© The Financial Times Ltd 2014 FT and 'Financial Times' are trademarks of The Financial Times Ltd.
July 1, 2011 8:22 pm
The most ambitious social experiment Google has yet attempted may only be days old, but the company is already claiming early success in uncovering new subtleties in the way the Facebook Generation wants to live its life online.
This week’s announcement of Google+, a service that is only available as part of a narrow, invitation-only trial, marks the beginning of a concerted attempt by the world’s most powerful internet company to maintain its relevance in the social networking age.
Data Google has been collecting show that new tools to make it easier for users to segment their online social connections into smaller groups are already influencing how they interact, says Vic Gundotra, the executive spearheading Google’s social efforts. Women, in particular, have been making much greater use of these more limited sub-networks, he says.
Freed of the concerns about who will see what they are posting, people are already showing signs of opening up about themselves far more, Mr Gundotra adds.
For Mark Zuckerberg, chief executive of Facebook and high priest of the culture of online “sharing” it has ushered in, the challenge is direct.
Something has been fundamentally “broken” about online social networking, according to Google. “In the real world, people change how they behave” depending where they are or who they are talking to, says Mr Gundotra: online, they have been forced to present a single version of themselves to the world. That means not only losing control of who sees private information about them, it also makes it impossible for people to maintain the different personas they adopt in different situations.
Google’s gambit has raised two big questions about the future of life online. One is whether it really is possible, as the company claims, to hand internet users back control of their own lives.
The other: whether, even if it succeeds in bringing new subtleties to social engagement, this will do Google any good in its attempt to reverse the swing towards Facebook. If it fails, a single company could be set to dominate the world’s social life online for at least the next generation.
The feature of Google+ that is designed to give users a greater sense of control, called Circles, is aimed at a familiar complaint about Facebook.
People “struggle to navigate social situations online because they find that they have to simultaneously negotiate their friends from college drinking days, their colleagues at work and their kid’s friends’ parents,” says Danah Boyd, a social networking researcher who has studied the field since its early days. “Social media creates a series of context collapses that rupture social dynamics in funny ways.”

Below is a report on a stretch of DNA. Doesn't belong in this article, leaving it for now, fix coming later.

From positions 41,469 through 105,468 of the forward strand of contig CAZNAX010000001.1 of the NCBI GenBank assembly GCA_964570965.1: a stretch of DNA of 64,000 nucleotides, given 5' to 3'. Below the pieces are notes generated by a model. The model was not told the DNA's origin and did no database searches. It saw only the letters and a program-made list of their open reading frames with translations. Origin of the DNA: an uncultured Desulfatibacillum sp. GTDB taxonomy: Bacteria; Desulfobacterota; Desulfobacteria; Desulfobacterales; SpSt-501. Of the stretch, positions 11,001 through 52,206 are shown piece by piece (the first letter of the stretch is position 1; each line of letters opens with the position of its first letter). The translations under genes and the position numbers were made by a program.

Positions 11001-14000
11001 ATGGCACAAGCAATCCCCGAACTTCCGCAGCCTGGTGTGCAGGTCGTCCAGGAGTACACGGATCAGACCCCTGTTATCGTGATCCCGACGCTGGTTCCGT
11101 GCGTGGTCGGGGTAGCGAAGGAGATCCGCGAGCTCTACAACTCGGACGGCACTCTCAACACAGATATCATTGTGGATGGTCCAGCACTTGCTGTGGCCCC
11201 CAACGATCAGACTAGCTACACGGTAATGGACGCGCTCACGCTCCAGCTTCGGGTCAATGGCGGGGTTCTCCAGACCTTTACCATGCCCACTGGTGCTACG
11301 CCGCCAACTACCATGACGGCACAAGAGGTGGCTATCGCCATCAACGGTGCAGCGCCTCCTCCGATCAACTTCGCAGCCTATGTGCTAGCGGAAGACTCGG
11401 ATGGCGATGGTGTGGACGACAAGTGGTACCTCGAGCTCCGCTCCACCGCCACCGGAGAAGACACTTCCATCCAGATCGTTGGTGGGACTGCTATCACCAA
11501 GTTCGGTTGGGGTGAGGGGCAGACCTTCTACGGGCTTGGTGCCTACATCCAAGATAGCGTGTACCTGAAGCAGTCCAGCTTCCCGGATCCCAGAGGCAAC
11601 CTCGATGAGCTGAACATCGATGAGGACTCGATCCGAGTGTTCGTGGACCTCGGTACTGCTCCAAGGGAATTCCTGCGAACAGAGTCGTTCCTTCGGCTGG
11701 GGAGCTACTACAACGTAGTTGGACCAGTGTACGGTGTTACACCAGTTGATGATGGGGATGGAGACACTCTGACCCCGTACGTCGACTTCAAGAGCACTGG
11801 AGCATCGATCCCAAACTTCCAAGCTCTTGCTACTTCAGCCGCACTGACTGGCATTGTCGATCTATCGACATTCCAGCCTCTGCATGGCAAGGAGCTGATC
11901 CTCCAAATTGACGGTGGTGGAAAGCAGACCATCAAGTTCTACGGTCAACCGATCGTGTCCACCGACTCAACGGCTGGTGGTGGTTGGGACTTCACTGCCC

As a result, many users step back from posting actively on Facebook. New members of the service often follow a common pattern, says Ray Valdes, an analyst at Gartner: “sharing a few things, maybe oversharing, then dialling back when the novelty wears off and settling into [becoming] a passive observer.”
Advocates of the merits of wider posting of personal information online, however, argue that this represents a mistaken, and backward-looking, approach to the new networks.
“Online, there’s this temptation to think you can stop information spreading – you can’t,” says Jeff Jarvis, associate professor of journalism at the City University of New York and author of an upcoming book on the merits of online sharing.
The internet makes the sharing of information friction-free, according to Mr Jarvis. So even if you tell something only to a small group of friends, there’s no way to control how it is spread after that. In the online world we are all defined by what others say or post about us, adds Ms Boyd: as a result, we will have to get used to a new sense of “networked privacy” that will be very different from the sense of personal privacy we used to enjoy.
If there is an erosion of the barriers that made the old sense of privacy possible, Facebook has taken full advantage of the changing norms.
“They presume the more open you are with your data the more you’ll use the system,” says David Kirkpatrick, author of The Facebook Effect, which was published last year.
At times, it can feel as though Facebook is deliberately playing on a generational divide as these changing norms take hold. With usage among the young far higher, it has encouraged the wider sharing of more information in public with progressive changes to its rules.
“We are all moving towards using Facebook the way young people use it,” says Mr Kirkpatrick.
According to Google, this slide towards a more open way of living online – and the sometimes uncomfortable social adjustments it forces on people – is not inevitable.
“I do think digital information flows more freely than atoms do in the real world,” says Bradley Horowitz, vice- president of product management at Google. “But we believe strongly that software can give people control.”
Facebook is almost certain to strike back, says Mr Valdes. It launched a pre-emptive move against Google late last year with its own feature to make it easier to set up smaller sub-networks – a service known as Groups, which has led to the creation of 50m more narrowly-defined sets of connections. Getting a durable lead over Facebook, whose membership of more than 700m has a strong reason to stay connected, will be hard.
“The chances of Google+ having an impact on Facebook are almost nil,” says Mr Kirkpatrick. “There’s not going to be a slightly better Facebook that beats Facebook.” But Google’s move into social networking looks like the beginning of a long war.
Copyright The Financial Times Limited 2014. You may share using our article tools.
Please don't cut articles from FT.com and redistribute by email or post to the web.